At Tier 1 Investments, a Motley Fool Real-Money Portfolio, I seek out and invest in elite businesses. These include companies with the most valuable brands, best management, superior products and services, and strongest competitive advantages. It's an investment philosophy that has handily out-performed the market, with Tier 1 earning a time-weighted return of 91.84% since inception on Sep. 1, 2011, compared to the S&P 500's 74.42% return during that time.
Back in October 2011, I chose Apple (NASDAQ:AAPL) to be Tier 1's first holding, and a month later I added to my position. At the time, I felt that no company fit the description of a Tier 1 enterprise better than Apple, as the company had the world's most valuable brand, products that consistently ranked at the top of the list in terms of capabilities and customer satisfaction, a fortress-like balance sheet, tremendous cash-generation ability, and a renowned culture of innovation. That all remains true today.
More recently, in March of this year, I increased Tier 1's ability to profit alongside Apple via a written put position. With Apple's share price rising sharply since that time, we can capture more than 92% of the potential profit on the position by closing our option trade today.
You may be asking why I would close the position now, with Apple's shares trading above $99 and the split-adjusted strike price for the trade at about $78 per share. If we simply hold the position to its Jan. 17, 2015, expiration date, it's likely that the written puts could expire worthless and Tier 1 could therefore earn the full 100% of option premium. While that's true, the risk/reward scenario at this point is much less favorable than when I initiated the position. The actual dollar amount of the premium left to be earned is only about $39 , compared to nearly $550 when I wrote the written put recommendation. On a look through basis, total capital at risk is $5,500. The $39 therefore represents a less than 1% potential return over the early 4 months until expiration.
We can do better.
When I initiated this written put positon in March, Apple's shares were down more than 20% from their all-time highs as skeptics questioned whether the company could continue to innovate. The Apple bears argued that Apple's days of strong growth were long gone, and that with competition clawing at its margins, continued earnings growth would be extremely challenging for the once mighty Apple. Many of these bears also said that without Steve Jobs at the helm, the days of Apple disrupting entire industries with game-changing new products were over, and, at best, all Apple fans could hope for was a monotony of "evolutionary" product iterations.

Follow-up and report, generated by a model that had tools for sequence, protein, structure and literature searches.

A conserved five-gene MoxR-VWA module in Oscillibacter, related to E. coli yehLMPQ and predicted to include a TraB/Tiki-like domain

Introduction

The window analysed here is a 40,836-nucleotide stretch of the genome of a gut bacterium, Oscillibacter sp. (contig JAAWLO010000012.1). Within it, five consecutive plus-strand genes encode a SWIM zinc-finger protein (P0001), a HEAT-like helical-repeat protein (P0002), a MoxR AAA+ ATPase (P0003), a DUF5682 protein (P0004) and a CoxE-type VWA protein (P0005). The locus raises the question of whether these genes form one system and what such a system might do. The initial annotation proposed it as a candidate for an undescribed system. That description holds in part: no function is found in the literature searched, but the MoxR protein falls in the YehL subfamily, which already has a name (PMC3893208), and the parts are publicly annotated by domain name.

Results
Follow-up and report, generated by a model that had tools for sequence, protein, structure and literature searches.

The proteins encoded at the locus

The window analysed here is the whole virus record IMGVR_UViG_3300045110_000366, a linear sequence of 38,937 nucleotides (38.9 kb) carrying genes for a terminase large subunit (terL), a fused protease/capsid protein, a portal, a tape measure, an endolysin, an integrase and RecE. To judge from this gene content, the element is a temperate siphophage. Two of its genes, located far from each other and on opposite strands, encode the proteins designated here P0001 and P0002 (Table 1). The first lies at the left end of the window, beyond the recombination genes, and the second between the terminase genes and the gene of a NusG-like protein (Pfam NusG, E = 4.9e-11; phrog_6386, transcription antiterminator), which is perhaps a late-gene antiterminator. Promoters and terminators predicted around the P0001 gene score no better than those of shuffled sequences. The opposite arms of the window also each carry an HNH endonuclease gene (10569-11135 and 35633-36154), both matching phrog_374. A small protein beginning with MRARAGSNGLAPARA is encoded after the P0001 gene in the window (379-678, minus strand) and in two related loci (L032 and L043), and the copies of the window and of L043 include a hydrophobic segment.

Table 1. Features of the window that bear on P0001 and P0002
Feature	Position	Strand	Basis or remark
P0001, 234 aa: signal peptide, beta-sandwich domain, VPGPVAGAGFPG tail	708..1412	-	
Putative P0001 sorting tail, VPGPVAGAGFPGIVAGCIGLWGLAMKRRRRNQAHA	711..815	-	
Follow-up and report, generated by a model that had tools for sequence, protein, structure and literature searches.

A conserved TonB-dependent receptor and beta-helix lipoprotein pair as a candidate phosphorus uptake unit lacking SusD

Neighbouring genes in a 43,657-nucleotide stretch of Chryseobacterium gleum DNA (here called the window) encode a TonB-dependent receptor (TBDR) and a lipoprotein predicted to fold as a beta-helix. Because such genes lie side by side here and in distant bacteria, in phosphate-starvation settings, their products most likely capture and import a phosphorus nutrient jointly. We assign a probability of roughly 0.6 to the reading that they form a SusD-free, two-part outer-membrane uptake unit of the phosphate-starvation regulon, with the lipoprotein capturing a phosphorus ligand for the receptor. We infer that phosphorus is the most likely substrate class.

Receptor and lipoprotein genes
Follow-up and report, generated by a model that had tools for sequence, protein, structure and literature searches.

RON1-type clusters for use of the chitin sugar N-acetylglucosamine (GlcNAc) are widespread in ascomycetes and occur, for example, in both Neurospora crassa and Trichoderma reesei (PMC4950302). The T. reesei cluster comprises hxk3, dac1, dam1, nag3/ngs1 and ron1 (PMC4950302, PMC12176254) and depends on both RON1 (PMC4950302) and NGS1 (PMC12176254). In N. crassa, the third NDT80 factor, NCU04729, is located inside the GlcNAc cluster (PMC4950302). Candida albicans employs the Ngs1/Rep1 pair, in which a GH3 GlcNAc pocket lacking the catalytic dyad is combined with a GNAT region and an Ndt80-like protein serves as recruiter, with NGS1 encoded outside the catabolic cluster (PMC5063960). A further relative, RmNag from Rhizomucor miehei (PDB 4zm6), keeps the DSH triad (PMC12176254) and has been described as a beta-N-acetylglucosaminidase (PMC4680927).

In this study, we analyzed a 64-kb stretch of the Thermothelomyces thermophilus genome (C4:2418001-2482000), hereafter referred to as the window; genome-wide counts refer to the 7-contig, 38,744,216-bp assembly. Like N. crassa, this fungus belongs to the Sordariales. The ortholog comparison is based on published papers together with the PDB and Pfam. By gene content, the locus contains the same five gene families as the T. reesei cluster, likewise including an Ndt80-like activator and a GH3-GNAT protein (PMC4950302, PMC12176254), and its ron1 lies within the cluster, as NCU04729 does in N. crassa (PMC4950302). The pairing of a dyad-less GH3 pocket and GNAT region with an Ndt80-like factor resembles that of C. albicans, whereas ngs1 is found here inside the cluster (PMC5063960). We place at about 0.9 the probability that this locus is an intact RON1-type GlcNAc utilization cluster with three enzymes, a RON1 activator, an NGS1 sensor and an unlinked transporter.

Tier 1 had a different take.
I argued that the future for Apple was far brighter than the bears would have you believe, and that the market appeared to be undervaluing Apple's growth potential. Apple's third-quarter results gave evidence of this, with net income rising 12% due largely to expectation-topping gross margin of 39.4%, helping to assuage fears that competition was eating away at Apple's profitability. Even better, earnings-per-share, aided by Apple's massive share buyback program, surged 20% -- showing that Apple's days of solid growth are far from over.
I also stated that Apple appeared set to unwrap several very interesting products and services, including some potential game-changers such as the Apple Watch and a new payments service. Just a few weeks ago, on Sep. 9, Apple did indeed unveil these exciting new innovations.
Finally, I explained that if Apple's stock was a high-flying market darling, I might be more concerned about the bear argument. But that was far from the case. At the time I initiated the written put position, Apple's price-to-earnings ratio of 13 represented about a 30% discount to the P/E of the S&P 500. Said another way, the market was assigning Apple a P/E multiple significantly less than the average S&P 500 company. But, I argued, "with the No. 1 brand in the world (recently valued at $104.6 billion by brand identity firm Brand Finance), nearly $160 billion in cash on its fortress-like balance sheet, $45 billion in annual free cash flow, returns on equity of 29%, 28% operating margins, and 21% net margins – Apple was anything but average."
Five months later, it appears that the market now agrees with us, with Apple once again trading near its all-time highs.
The challenge, however, is that Apple is no longer the bargain it was back in March. That is another reason why I will be closing Tier 1's written put positon in Apple (though not until at least 24 hours after this article is published -- standard operating procedure for The Motley Fool's Real-Money Stock Picks program that's designed to give Fools the opportunity to buy ahead of us should they so choose).
Yet, I still see value in Apple's shares. The question now is how best to capture that value. Should we write more puts? Maybe utilize a bull call spread? Or maybe the best option is simply to buy shares in order to receive Apple's fast-growing dividend payments and reduce the added burden of timing related to an option trade. I'll be making my decision soon, but I'd love to hear what you think, so please share your thoughts in the comments section below. And if you'd like to be one of the first to know what Tier 1's next Apple investment will be, and receive all of our new buy and sell alerts, you can connect with us on Twitter @Tier1Investor.
The Motley Fool recommends Apple. The Motley Fool owns shares of Apple. Try any of our Foolish newsletter services free for 30 days. We Fools may not all hold the same opinions, but we all believe that considering a diverse range of insights makes us better investors. The Motley Fool has a disclosure policy.